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Introductory periods are the honeymoons of 0% interest credit cards: They’re great while they last, but they don’t last forever.
An introductory period is the fixed amount of time — usually six to 18 months — that a credit card issuer doesn’t charge interest. This is a great time to pay down debt or finance a large purchase such as a vacation or a new kitchen appliance. But once the honeymoon ends, the remaining balance on your card will be hit with the regular annual percentage rate (APR).
At this point, you have three options: You can keep the card open and pay interest on the balance; you can transfer the balance to another 0% interest card; or you could flat out cancel the card. Some of these choices are better than others, depending on whether you carry a balance and how good your credit is.
If you carry a balance
If you still carry a balance once the introductory period is over, you’ll have to pay interest on the remaining amount. For example, say you open a 0% interest card with a 12-month introductory period and an ongoing APR of 10%. You charge $2,000 to the card during the first year, and pay off $1,500 of that balance. When the year is over, you’ll owe $550: the remaining balance, plus $50 in interest.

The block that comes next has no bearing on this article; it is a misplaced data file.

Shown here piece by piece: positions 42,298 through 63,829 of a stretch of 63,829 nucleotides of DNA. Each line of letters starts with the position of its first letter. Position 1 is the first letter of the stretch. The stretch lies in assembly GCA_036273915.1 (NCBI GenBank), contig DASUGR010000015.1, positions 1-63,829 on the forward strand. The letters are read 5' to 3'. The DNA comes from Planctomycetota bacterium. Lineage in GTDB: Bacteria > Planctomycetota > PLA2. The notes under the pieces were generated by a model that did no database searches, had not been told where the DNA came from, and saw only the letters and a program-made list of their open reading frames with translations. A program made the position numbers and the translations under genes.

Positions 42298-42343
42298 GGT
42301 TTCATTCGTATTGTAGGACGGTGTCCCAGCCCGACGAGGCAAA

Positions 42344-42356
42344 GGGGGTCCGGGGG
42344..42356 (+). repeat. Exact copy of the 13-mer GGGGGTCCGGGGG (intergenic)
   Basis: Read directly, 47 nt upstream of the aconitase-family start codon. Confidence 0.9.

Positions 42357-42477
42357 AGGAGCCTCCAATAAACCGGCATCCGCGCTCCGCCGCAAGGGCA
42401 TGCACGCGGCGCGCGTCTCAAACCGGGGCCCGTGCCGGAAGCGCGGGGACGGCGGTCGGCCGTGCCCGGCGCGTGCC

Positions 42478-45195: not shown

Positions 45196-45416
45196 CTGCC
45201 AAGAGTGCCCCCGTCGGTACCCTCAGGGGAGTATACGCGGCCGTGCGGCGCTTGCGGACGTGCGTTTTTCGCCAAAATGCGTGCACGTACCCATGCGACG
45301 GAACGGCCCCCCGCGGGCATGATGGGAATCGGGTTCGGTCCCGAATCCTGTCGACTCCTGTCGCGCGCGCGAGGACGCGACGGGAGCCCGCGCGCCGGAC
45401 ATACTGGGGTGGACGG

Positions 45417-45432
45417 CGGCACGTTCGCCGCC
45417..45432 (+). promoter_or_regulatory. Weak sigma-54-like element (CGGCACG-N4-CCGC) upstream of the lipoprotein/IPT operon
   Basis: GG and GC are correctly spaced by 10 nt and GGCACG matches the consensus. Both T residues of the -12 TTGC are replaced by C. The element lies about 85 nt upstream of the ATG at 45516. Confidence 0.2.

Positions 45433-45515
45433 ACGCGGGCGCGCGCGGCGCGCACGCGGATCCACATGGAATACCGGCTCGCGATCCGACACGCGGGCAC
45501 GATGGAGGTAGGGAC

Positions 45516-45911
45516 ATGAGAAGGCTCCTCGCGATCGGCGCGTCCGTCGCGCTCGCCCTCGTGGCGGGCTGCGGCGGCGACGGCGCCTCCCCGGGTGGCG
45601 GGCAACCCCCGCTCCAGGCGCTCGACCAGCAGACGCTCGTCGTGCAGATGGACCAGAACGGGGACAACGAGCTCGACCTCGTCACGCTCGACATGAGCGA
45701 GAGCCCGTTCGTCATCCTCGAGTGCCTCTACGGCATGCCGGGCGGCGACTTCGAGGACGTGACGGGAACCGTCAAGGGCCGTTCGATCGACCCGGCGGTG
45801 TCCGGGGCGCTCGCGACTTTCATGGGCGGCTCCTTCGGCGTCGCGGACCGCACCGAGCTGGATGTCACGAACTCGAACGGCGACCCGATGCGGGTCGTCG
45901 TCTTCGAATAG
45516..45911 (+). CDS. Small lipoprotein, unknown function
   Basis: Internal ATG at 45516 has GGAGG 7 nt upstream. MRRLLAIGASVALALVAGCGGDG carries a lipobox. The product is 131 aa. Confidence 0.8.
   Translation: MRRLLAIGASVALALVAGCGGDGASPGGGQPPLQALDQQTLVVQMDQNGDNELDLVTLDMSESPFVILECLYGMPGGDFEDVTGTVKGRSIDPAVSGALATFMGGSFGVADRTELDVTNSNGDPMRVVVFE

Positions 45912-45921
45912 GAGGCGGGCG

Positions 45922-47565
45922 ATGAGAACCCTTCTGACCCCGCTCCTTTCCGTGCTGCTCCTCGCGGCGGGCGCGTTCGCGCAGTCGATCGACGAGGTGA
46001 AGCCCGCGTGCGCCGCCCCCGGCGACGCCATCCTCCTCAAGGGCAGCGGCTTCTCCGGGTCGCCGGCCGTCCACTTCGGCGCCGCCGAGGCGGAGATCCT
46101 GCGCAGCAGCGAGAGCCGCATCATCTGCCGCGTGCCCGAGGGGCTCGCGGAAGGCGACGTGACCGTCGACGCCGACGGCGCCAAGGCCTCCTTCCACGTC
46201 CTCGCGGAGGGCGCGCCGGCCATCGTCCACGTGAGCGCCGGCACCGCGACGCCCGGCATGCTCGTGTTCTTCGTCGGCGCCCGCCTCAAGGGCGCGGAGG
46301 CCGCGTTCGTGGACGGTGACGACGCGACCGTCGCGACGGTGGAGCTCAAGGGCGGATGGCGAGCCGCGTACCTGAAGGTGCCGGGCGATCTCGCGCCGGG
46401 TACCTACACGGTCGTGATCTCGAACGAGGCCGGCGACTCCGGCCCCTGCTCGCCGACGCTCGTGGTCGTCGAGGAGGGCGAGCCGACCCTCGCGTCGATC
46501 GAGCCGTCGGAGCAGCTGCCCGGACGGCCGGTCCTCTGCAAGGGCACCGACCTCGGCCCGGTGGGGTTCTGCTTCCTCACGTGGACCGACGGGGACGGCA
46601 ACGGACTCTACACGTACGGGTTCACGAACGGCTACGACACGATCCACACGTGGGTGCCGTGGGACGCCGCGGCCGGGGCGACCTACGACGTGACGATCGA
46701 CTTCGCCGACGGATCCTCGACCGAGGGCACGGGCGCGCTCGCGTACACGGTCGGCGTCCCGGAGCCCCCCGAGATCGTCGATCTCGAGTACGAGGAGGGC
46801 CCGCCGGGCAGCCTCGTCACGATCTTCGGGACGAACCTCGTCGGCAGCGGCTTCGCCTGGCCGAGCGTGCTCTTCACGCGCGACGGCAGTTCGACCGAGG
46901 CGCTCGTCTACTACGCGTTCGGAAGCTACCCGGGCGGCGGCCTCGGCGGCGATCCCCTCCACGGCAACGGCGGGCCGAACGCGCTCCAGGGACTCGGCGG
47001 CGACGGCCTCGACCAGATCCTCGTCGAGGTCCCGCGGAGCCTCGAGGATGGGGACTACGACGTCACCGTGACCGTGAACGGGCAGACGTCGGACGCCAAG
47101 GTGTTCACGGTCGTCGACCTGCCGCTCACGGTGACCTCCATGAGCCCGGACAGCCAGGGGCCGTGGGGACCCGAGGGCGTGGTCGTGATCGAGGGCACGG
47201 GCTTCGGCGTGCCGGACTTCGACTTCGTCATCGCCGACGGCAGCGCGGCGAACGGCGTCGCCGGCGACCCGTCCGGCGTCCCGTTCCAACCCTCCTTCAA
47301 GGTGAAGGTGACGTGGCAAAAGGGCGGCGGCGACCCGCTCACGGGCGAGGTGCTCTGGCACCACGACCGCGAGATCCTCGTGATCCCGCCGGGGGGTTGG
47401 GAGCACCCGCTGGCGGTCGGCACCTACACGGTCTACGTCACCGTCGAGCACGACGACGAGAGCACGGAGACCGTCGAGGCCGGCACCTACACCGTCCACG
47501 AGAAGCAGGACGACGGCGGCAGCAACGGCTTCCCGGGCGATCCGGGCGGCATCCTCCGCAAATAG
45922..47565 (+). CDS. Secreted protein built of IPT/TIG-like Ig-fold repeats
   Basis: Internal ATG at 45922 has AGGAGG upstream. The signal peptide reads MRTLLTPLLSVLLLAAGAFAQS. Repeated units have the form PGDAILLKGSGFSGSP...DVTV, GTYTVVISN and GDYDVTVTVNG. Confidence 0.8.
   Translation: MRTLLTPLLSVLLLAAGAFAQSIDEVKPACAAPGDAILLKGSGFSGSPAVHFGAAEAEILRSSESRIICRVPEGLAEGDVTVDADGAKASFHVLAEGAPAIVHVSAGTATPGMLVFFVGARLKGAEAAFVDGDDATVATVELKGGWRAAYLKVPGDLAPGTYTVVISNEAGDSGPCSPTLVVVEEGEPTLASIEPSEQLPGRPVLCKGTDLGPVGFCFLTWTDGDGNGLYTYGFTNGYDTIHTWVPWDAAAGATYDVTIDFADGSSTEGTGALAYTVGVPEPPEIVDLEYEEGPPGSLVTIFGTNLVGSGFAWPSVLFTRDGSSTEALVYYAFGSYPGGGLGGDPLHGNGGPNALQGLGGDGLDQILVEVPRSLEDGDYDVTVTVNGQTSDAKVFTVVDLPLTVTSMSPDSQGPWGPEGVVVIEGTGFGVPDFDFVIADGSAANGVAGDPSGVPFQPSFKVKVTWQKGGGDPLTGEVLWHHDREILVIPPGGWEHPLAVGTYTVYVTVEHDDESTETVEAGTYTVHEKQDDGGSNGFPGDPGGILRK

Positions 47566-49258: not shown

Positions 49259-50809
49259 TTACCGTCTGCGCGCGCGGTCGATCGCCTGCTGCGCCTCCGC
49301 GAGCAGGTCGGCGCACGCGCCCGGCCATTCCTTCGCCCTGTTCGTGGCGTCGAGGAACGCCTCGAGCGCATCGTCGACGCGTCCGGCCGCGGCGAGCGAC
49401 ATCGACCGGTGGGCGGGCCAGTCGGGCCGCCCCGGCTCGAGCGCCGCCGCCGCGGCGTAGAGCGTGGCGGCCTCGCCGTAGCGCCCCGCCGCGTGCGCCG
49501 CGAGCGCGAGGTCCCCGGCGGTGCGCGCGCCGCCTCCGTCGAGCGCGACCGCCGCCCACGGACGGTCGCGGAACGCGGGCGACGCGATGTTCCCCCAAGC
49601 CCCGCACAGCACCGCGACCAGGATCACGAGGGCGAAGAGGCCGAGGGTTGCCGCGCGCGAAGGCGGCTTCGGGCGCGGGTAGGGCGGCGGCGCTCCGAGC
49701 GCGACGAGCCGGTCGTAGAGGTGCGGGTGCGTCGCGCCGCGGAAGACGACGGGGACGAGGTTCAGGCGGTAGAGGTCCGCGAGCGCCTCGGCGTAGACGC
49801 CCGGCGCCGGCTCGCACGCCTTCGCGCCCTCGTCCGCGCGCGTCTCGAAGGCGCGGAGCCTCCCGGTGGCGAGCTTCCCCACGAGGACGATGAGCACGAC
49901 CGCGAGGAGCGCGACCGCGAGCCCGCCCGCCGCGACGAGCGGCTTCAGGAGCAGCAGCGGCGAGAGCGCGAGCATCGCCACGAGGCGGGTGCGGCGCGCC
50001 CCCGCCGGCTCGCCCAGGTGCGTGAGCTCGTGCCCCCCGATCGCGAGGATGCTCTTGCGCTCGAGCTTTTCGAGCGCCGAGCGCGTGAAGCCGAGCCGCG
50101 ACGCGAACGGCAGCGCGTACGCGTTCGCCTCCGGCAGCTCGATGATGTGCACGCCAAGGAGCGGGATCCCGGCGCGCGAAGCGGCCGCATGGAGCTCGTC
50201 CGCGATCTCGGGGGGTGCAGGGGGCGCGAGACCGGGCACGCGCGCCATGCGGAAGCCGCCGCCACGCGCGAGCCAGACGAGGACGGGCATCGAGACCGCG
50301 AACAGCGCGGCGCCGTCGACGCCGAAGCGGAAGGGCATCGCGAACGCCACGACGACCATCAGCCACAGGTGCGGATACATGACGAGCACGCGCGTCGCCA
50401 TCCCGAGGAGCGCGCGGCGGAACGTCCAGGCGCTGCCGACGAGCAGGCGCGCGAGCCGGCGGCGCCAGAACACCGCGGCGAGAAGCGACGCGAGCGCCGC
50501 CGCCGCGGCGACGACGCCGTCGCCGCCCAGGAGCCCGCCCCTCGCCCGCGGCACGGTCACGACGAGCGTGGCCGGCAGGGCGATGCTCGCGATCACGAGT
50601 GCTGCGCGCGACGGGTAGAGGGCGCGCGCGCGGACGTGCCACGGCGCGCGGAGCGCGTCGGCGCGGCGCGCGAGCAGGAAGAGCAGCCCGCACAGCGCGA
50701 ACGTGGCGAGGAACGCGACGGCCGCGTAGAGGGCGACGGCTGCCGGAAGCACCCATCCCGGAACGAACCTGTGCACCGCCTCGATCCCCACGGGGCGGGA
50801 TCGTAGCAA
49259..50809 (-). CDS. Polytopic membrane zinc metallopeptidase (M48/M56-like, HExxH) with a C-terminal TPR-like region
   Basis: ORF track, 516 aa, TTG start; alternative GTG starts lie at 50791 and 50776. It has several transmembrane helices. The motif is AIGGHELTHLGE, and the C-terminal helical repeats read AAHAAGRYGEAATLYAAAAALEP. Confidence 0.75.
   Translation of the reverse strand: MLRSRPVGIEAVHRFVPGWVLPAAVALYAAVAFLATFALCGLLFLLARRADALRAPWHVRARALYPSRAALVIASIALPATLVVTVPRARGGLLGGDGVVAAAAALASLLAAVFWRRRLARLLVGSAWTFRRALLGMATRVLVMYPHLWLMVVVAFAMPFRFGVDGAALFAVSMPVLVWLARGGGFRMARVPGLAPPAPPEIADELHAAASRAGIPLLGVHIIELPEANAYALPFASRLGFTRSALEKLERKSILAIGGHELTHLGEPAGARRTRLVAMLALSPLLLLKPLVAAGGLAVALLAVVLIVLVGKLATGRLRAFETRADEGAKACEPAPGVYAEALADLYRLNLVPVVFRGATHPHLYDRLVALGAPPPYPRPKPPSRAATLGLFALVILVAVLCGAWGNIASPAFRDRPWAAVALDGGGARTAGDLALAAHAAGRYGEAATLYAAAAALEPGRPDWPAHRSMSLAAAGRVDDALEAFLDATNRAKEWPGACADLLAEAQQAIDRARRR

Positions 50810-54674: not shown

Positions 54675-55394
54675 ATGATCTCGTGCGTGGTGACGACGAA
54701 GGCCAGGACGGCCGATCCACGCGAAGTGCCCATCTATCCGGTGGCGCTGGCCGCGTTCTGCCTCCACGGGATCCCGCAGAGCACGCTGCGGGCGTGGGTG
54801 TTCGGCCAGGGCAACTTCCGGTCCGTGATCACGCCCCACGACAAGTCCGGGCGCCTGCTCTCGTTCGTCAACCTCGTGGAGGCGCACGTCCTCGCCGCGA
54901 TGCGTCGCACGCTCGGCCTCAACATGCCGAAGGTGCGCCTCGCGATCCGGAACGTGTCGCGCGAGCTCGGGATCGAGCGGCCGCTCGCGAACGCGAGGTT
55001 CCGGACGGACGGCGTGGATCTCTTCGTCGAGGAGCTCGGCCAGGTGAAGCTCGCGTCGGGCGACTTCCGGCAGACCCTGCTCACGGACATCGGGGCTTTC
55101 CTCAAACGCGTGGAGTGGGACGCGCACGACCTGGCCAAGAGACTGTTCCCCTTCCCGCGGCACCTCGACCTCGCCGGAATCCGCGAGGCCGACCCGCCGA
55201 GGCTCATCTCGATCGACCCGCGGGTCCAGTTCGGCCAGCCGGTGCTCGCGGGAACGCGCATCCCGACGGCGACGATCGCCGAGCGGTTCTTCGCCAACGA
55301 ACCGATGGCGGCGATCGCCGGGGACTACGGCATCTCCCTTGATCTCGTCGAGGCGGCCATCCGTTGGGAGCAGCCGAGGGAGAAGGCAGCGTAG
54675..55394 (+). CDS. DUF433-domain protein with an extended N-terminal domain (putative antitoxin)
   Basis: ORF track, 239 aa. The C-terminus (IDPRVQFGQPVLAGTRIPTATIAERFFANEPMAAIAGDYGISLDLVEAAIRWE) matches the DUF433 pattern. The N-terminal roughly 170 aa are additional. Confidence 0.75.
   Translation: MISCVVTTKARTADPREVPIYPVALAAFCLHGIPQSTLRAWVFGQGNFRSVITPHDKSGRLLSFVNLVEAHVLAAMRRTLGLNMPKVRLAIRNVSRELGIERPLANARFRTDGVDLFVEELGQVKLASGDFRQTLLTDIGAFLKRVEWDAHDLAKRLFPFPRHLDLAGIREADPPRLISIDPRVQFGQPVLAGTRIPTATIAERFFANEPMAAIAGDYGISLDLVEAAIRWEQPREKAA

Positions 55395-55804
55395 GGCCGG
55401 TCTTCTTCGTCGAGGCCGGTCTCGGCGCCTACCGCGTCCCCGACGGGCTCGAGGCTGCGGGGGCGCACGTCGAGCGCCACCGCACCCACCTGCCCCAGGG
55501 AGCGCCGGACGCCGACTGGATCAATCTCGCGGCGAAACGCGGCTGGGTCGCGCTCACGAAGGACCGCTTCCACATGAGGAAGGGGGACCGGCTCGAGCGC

In this case, your best move is to pay off the balance as soon as possible to avoid accumulating more in interest. Although transferring the balance to a new 0% interest card is an option, this could hurt your credit score.
However, if the remaining balance is particularly high and you can’t reasonably pay it off quickly, it may be worth the credit hit to do a balance transfer. Just make sure to choose a card with a low balance transfer fee and no interest for balance transfers.
If you don’t carry a balance
In a perfect world, you pay off the balance before the 0 APR introductory period ends. If you can manage to do this, you’ll benefit from paying down debt interest-free.
In this case, your best move is to keep the card open and pay off future charges immediately to avoid accumulating a balance. Canceling the card is an option, too, but that can also negatively affect your credit score.
A word of caution
Watch out for deferred interest credit card offers, which can easily be confused with 0% interest credit card offers. Like the name suggests, deferred offers don’t waive the interest, they just delay it. If you don’t pay off the full balance on your card before the introductory period ends, you’ll be charged with retroactive interest for the full balance. To continue the example we used earlier, you would owe $700 after the introductory period: the remaining $500 balance, plus $200 of interest for the entire balance.
Most people open 0% interest credit cards to take advantage of the interest-free introductory period. However, once this period ends, it’s best for your credit to keep the card open, but avoid carrying a balance.